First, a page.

21Sep

INTW Feature Article – Building A Neonatal Therapy Practice in Uganda: Partners in Practice and Friends for Life

By Author and Interviewer: Christy Gliniak MA, OTR/l, CNT, CPXP, NTMTC

Neonatal Therapists worldwide are committed to helping neonates flourish beyond survival, yet some countries are far more challenged than others. In fact, 90% of all the high-risk infants born are in South Asia and Sub-Saharan Africa (Kabugo et al., 2021). To help address these disparities, the Adara Development Team made a commitment to the Neonatal Intensive Care Unit at Kiwoko Hospital in Central Uganda.

This 2019 project, titled Hospital to Home (H2H), was funded to improve the care of neonates in the Nakaseke district, where many communities live in extreme poverty. Central to this incredible story are two talented neonatal therapy clinicians, Tadeo Kigozi (OT) and Lauren Adams (PT). These celebrated NANT Members share an extraordinary commitment of mentorship and desire to elevate neonatal therapy practices in Uganda.

What is the NICU Environment like in Kiwoko?
Families travel great distances to access this private hospital, known for its exceptional neonatal care. In Kiwoko, infants born 28 weeks or greater frequently survive, thanks to the available technology of CPAP, phototherapy, incubators, and specialty training. With a ratio of one NICU nurse to ten critically ill infants, staff rely heavily on the postpartum mothers to complete basic cares. Every three hours they perform diapering, skin to skin, and cup or breast feeding and, in some circumstances, provide expressed breast milk by gavage until full oral feeding is achieved.

How was the Hospital to Home (H2H) Program Involved?
To improve the developmental outcomes of NICU graduates in Uganda, the H2H program incorporated a full-time neonatal therapy position and subsidized the training of ten Village Health Team Mentors for community support. This two-pronged approach fosters better neuroprotective, developmental care practices in the NICU, and early developmental screening and intervention within the community. A key element of implementing Village Health Team Mentors is to designate respected community leaders who can provide education and support within the language and cultural contexts of each village.

Who Became the First Neonatal Occupational Therapist in Uganda?
Tadeo (pronounced TA-DAY-O) obtained his occupational therapy credentials at the Uganda Institute of Allied Health and Management Sciences in Mulago. Upon graduation, Tadeo pursued his strong desire to work with infants and families which led him to apply for the Neonatal Therapy position in Kiwoko Hospital. Tadeo’s intuitive ability to read infant cues and connect with families stood out during the interview process. Over the course of three weeks, Lauren Adams, a neonatal physical therapist from the Seattle area, mentored Tadeo while in Uganda where she first noted his persistent desire to learn. Since 2019, Lauren has continued to mentor him using video conferencing and email. To date, Tadeo’s family-centered neonatal therapy practice involves cue-based feeding, kangaroo mother care, therapeutic positioning, safe sleep, developmental tracking, and parent education. More recently, Tadeo has added to his knowledge base using the NANT online Special Topic Courses and Membership Benefits he received through an anonymous donor.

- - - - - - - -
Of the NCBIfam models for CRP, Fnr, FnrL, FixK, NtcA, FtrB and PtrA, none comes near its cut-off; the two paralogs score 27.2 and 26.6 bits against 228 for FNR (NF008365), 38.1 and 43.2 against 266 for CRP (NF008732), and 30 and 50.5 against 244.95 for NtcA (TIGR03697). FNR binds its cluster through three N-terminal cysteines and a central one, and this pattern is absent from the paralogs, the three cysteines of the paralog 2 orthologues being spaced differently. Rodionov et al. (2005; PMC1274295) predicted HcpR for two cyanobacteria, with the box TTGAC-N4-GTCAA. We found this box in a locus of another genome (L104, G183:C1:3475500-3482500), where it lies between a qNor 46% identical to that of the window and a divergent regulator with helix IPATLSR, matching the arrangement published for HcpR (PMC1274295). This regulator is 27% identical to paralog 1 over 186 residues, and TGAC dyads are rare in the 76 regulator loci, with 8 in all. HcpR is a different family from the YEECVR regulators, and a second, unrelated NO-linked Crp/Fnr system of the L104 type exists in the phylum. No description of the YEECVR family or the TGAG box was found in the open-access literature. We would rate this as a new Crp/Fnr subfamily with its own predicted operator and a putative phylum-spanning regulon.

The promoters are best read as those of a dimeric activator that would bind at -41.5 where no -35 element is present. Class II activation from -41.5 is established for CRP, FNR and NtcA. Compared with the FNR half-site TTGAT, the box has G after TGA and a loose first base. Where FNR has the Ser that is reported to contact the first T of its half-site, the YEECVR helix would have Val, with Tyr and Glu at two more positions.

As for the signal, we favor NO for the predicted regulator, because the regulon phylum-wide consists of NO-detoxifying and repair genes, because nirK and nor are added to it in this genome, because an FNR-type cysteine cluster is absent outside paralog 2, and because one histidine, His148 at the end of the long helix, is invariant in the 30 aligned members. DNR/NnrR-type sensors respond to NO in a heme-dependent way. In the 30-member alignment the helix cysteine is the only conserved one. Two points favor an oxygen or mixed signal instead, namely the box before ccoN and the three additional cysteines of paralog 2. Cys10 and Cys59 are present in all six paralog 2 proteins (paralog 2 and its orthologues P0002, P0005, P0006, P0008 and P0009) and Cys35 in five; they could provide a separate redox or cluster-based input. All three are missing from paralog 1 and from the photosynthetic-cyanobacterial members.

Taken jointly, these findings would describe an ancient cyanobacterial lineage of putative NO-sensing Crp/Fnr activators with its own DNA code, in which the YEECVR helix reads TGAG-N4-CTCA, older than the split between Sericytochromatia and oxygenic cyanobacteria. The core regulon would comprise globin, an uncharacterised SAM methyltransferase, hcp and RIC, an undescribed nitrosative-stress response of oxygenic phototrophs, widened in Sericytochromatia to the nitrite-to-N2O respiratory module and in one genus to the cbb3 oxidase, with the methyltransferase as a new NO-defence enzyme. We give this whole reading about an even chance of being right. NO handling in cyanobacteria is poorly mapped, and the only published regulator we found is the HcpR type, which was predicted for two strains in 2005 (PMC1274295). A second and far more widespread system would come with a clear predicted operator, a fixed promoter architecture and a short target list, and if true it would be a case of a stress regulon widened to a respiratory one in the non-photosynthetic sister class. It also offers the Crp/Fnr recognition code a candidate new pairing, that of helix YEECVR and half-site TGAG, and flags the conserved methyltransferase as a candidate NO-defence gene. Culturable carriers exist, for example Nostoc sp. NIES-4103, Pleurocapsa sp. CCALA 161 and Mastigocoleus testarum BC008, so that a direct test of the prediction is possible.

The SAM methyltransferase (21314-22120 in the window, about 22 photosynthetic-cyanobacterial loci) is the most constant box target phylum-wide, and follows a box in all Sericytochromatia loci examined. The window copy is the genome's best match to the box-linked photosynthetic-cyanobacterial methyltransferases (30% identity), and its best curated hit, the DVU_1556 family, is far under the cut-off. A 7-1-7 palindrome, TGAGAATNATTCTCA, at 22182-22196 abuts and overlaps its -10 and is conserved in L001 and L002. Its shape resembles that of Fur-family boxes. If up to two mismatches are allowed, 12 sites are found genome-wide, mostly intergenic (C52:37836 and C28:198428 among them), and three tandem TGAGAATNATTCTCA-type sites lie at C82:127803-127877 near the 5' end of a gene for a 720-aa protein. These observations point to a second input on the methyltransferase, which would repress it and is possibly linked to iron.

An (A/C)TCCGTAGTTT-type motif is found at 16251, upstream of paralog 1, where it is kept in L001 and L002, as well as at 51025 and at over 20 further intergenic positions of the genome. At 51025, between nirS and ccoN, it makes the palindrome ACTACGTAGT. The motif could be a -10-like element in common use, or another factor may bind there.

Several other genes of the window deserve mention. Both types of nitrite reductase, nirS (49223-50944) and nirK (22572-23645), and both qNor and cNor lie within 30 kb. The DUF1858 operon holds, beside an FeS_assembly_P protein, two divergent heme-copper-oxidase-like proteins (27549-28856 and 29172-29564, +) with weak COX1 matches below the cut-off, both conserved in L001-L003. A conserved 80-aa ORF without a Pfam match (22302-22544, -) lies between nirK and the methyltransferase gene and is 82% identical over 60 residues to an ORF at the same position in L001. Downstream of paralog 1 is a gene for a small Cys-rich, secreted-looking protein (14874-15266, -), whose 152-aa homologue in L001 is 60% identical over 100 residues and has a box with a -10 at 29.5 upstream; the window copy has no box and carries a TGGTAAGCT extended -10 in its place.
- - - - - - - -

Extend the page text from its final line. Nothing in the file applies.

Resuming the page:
Who Provided the Neonatal Therapy Training and Mentorship?
While working at the University of Washington Medical Center, Lauren Adams was hand selected by the Adara Group for her expertise in neonatal therapy and for her outstanding interprofessional teamwork. She is often recognized for her emphasis in evidence-based practices and preventative approach to neonatal care. With her especially kind demeanor and thirty plus years of experience, she was a perfect candidate for this project. Through her mentorship, Lauren has left a lasting imprint in the village of Kiwoko and contributed to the inception of neonatal therapy in the country of Uganda.

How Can We Support These Connections Across the Continents?
Despite our geographic and cultural differences, we are unified in the desire to elevate developmental outcomes for all high-risk infants and their families. As we come together in this unique multidisciplinary community, the interprofessional collaboration is inspiring and illustrative of the collective strength of the neonatal therapy profession. In celebration of International Neonatal Therapy Week, let’s take a moment to celebrate Tadeo and Lauren’s hard work and express our gratitude for advancing the field of neonatal therapy in Uganda!

Reference:
Kabugo, D., Nakamura, H., Magnusson, B., Vaughan, M., Niyonshaba, B., Nakiganda, C., Otai, C., Haddix-McKay, K., Seela, M., Nankabala, J., Nakakande, J., Ssekidde, M., Tann, C. J., Al-Haddad, B. J. S., Nyonyintono, J., Mubiri, P., Waiswa, P., & Paudel, M. (2021). Mixed-method study to assess the feasibility, acceptability and early effectiveness of the Hospital to Home programme for follow-up of high-risk newborns in a rural district of Central Uganda: a study protocol. BMJ Open, 11(3), e043773-e043773. https://doi.org/10.1136/bmjopen-2020-043773

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